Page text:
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Questo articolo è stato pubblicato il 25 febbraio 2013 alle ore 12:55.


BERKELEY – The United States is confronting another round of cuts in federal government spending, this time threatening to trim at least 0.5 percentage points from GDP growth and to precipitate a loss of at least one million jobs. Automatic across-the-board spending cuts, the so-called sequester, would reduce spending by $85 billion, with defense programs cut by about 8% and domestic programs by about 5% this year – and with additional cuts of comparable dollar amounts every year until 2021.

All major government functions – national security, foreign aid, basic research, emergency relief, and education, to name a few salient examples – would experience an immediate and sizeable funding hit. These cuts, along with the tax increases agreed to in January, would knock about 1.25 percentage points off 2013 GDP growth, consigning the economy to another year of tepid recovery and disappointing job gains.

The real aim of the sequester’s advocates is a smaller federal government – a goal that often is cloaked in the argument that excessive government spending is choking economic growth. Although this is a politically compelling argument, because it stokes public fears about an out-of-control deficit, it flies in the face of the facts.

Anemic government spending, not profligacy, has been a major factor behind the economy’s lackluster recovery. According to a by the Congressional Budget Office, large spending cuts by state and local governments – and, more recently, a significant reduction in federal spending – have contributed to the unusual and prolonged weakness of aggregate demand.

In recent speeches, US Federal Reserve Chairman and Vice Chair have described fiscal policy at the local, state, and federal levels as a powerful headwind slowing the economy’s return to full employment. In the year after the recession ended, discretionary spending at the federal, state, and local levels boosted growth at about the same pace as in previous recoveries.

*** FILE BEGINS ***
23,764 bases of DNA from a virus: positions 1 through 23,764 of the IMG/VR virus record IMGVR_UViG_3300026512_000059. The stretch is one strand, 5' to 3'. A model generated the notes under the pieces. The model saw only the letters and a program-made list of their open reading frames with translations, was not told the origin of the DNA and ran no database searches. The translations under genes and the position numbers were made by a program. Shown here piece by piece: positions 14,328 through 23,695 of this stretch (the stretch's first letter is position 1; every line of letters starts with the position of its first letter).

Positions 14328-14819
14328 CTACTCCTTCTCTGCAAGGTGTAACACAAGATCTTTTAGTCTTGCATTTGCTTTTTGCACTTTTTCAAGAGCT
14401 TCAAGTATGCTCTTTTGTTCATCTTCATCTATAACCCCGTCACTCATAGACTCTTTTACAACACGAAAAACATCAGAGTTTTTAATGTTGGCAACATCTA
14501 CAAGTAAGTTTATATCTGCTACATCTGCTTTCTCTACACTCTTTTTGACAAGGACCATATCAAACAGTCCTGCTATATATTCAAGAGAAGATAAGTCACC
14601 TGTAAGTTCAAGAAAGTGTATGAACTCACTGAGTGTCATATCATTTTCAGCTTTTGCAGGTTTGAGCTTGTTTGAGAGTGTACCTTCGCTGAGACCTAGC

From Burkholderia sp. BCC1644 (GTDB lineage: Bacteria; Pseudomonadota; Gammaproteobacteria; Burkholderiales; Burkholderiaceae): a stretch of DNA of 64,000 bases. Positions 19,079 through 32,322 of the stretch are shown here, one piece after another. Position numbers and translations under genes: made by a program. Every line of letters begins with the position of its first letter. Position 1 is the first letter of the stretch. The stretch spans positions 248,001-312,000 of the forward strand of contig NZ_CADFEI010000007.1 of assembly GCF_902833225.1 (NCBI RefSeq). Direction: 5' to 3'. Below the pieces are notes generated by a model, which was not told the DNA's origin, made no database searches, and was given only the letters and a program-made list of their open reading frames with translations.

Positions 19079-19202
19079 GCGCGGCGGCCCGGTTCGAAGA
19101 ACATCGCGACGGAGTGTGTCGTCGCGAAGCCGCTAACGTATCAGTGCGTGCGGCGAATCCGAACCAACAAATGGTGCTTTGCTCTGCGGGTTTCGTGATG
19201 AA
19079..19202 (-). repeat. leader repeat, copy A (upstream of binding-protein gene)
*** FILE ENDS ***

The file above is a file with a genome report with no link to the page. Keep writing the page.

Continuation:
But, since then – and in sharp contrast to previous recoveries – fiscal policy has become contractionary, reducing aggregate demand and restraining growth. State and local governments have cut spending and payrolls significantly. And federal purchases of goods and services have been declining since 2010, when the temporary additional spending in the 2009 stimulus package came to an end.

Even without the sequester, (including both purchases and transfer payments) has declined under President Barack Obama, while it increased under every preceding president since Richard Nixon. (Indeed, per capita spending growth was much faster under the Republican administrations of Ronald Reagan and George W. Bush than it was under Democratic Presidents Jimmy Carter and Bill Clinton.) And, even without the sequester, the federal budget deficit is at a faster pace during the next two years than in any two-year period since demobilization after World War II.

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